Monday, March 05, 2012

He is the true God

Antitrinitarian apostate Dale Tuggy is back to his old tricks. I’m going to comment on some recent remarks of his:

Christians believe in God. And Christians believe in Jesus Christ. How should we think these two (?) relate to one another? Consider this following inconsistent triad:
D: Jesus and God have differed.
N: Jesus and God are numerically one.
I: If any X and Y have ever differed, then they are not numerically one.
One can’t consistently accept all three. If any two are true, the remaining one must be false. (Go ahead: work through the combinations.)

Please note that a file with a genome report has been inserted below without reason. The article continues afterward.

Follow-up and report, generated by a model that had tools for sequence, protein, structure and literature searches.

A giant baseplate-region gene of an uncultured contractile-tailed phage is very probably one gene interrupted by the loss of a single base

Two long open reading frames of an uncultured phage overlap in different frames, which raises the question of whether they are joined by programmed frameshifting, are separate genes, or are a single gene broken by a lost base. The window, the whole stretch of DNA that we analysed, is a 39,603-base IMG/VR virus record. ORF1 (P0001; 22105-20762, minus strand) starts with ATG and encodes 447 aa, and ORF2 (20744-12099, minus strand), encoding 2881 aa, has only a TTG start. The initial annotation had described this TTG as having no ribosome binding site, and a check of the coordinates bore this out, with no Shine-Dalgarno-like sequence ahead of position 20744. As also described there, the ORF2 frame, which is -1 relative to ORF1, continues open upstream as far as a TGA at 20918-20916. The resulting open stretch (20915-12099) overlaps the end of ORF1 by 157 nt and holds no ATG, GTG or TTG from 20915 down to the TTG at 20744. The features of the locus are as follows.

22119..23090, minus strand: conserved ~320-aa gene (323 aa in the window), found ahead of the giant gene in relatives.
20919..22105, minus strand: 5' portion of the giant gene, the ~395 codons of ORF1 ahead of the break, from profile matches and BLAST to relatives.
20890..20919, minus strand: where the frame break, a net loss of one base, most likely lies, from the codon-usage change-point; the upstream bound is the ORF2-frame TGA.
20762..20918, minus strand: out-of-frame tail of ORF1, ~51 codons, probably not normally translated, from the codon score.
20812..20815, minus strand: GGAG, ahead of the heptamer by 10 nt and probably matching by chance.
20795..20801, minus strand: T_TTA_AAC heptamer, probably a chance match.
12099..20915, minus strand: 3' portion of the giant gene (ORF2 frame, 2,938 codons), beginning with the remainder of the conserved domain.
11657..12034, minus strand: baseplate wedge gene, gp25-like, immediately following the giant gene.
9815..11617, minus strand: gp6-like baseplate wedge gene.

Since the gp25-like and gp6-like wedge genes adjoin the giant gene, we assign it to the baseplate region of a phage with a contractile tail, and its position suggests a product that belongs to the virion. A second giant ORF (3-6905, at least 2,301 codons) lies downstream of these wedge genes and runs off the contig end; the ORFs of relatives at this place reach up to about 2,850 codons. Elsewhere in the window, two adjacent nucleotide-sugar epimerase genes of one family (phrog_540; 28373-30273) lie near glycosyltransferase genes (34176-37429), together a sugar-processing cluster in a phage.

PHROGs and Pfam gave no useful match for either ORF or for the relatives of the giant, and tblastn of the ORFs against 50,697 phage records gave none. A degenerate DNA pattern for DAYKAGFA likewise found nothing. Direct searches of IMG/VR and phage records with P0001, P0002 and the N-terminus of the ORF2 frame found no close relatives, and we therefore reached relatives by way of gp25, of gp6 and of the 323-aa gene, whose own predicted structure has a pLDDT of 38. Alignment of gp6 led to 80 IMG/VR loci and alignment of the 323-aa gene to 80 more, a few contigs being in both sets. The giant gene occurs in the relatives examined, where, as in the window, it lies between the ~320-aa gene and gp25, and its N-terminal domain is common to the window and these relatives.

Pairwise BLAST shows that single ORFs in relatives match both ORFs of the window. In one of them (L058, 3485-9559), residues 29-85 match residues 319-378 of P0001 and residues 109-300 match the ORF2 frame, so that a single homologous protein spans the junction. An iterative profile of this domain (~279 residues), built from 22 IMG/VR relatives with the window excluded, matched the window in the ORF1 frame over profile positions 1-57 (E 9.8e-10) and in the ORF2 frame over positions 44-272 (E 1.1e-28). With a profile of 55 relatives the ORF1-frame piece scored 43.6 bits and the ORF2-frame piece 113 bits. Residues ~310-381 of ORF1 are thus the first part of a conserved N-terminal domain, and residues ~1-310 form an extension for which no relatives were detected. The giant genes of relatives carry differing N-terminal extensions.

At the risk of stating the obvious, isn't N equivocal? Strictly speaking, Jesus is the God-man. So whatever is true of Jesus isn't true of God simpliciter. Doesn't that invalidate Tuggy's syllogism?

That's even before we get to Trinitarian complications. And the Incarnation also distinguishes Jesus from the Father and the Spirit. Admittedly, that's an economic distinction. But it's sufficient to invalidate Tuggy's syllogism.

No, my N isn’t meant to sum up any Trinity theory. It’s just a claim of numerical identity, like Mark Twain = Samuel Clemens.

Actually, that's a pretty dicey example of identity. Counterproductive to Dale's logic, if you ask me:

James, I don’t see that in the context of the present argument this begs any question. This isn’t a trinitarian-unitarian debate. All that need be granted is that the NT throughout assumes and sometimes asserts Jesus’ Father to be the one true God.